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Religion, Fertility and Contraception in Sub-Saharan Africa, Part 4: African research and policy in Nigeria

African researchers have done excellent work to clarify how religious affiliation influences the use of contraception. In Nigeria, with high fertility and a large and growing population, use of modern contraception is still low. The teaching of Islam in particular, contributes to this situation. Several researchers emphasize that men and religious leaders should be involved … Continue reading Religion, Fertility and Contraception in Sub-Saharan Africa, Part 4: African research and policy in Nigeria

Aid needs to go where it will help most

Development aid often fails to address the root causes of poverty in poorer nations. A recently proposed program to further sexual and reproductive health in Uganda provides a welcome example of a more focused and effective approach. by Kelvin Thomson When I began full time work 45 years ago, I started paying a monthly sponsorship … Continue reading Aid needs to go where it will help most

Subsidies for large families in Sweden impair integration of immigrants

The family supplement, which gives extra financial aid for each additional child, was implemented in Sweden in 1982 at a time of falling birth rates. It now contributes to lock-in effects for immigrant women. Abolishing this supplement and limiting the child allowance to the first two children would help reduce social exclusion and public spending, … Continue reading Subsidies for large families in Sweden impair integration of immigrants

Thanks for a great year

OK, ‘great’ may be an overstatement given the ongoing coronavirus epidemic and generally awful environmental news. Yet here at TOP, we are grateful for the opportunity to study the impacts of overpopulation and advocate just means to address it. We’re grateful for your continued interest in and support for our work, some of which we … Continue reading Thanks for a great year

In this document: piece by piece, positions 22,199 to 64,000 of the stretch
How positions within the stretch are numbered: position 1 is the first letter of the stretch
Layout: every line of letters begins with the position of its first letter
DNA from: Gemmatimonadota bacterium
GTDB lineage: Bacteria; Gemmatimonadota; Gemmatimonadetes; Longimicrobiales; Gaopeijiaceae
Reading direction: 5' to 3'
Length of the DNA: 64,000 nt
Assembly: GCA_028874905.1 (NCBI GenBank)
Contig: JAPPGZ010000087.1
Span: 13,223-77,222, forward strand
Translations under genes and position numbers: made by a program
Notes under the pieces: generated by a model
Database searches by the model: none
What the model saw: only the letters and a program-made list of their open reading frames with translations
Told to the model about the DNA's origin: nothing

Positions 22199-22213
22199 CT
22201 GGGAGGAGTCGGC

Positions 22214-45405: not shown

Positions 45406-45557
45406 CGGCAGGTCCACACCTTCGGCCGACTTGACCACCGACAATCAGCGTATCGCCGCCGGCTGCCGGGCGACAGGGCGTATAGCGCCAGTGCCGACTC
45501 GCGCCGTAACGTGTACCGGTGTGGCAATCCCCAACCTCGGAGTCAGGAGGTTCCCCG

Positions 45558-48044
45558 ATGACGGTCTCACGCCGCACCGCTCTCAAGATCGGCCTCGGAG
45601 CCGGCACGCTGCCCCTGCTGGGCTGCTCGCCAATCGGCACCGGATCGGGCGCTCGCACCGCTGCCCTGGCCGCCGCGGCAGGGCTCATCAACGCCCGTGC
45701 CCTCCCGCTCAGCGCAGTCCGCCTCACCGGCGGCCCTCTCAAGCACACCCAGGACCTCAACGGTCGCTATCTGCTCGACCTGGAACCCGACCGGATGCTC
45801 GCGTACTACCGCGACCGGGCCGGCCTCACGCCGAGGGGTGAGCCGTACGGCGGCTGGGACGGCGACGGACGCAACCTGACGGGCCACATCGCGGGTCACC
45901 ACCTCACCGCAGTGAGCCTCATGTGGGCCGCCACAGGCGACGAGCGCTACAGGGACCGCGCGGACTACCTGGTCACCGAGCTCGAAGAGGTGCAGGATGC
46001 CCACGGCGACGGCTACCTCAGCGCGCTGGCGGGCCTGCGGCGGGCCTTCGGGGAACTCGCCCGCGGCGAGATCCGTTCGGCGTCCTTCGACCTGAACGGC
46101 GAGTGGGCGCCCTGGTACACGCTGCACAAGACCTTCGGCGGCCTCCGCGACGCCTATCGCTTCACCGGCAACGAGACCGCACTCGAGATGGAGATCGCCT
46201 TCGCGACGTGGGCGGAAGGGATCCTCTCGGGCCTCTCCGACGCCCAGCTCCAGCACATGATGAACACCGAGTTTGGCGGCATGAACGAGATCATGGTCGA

Ethicists recognize that limiting population growth is key to addressing climate change

Faced with the reality of global climate change and its devastating impacts, climate ethicists have begun to address the role of population and the need for limits to growth. A new review article reports on this welcome development. by Philip Cafaro During the past 30 years of extensive political debate about global climate change, participants … Continue reading Ethicists recognize that limiting population growth is key to addressing climate change

Why Europeans are worried about African babies

Any time a Westerner expresses preoccupation about very high birth rates in a poor country, the conversation immediately turns to racism. Let's dig deeper. by Gaia Baracetti Let's not start with Prince William for once. Let's begin with the great Italian poet Giovanni Pascoli. He was one of those rare rural poets who actually knew … Continue reading Why Europeans are worried about African babies

The “Silent Lie” in Coverage of Madagascar’s Famine

Graphic media coverage of the current hunger in southern Madagascar is not wasting the opportunity to advocate climate justice. But nobody mentions there are now seven Madagascan mouths to feed for each one present in 1950. This denialism is not in the interests of the hungry, nor Madagascar’s disappearing wildlife, argues Madeline Weld. By Madeline … Continue reading The “Silent Lie” in Coverage of Madagascar’s Famine

The decision to forego childbearing

Should you bring children into a crowded and ecologically declining world? More and more young people are asking themselves this question. One woman explores her personal choice in a global perspective.  by Gaia Baracetti It's definitely a thing now. Here in the West at least there seems to be an almost incessant flow of articles … Continue reading The decision to forego childbearing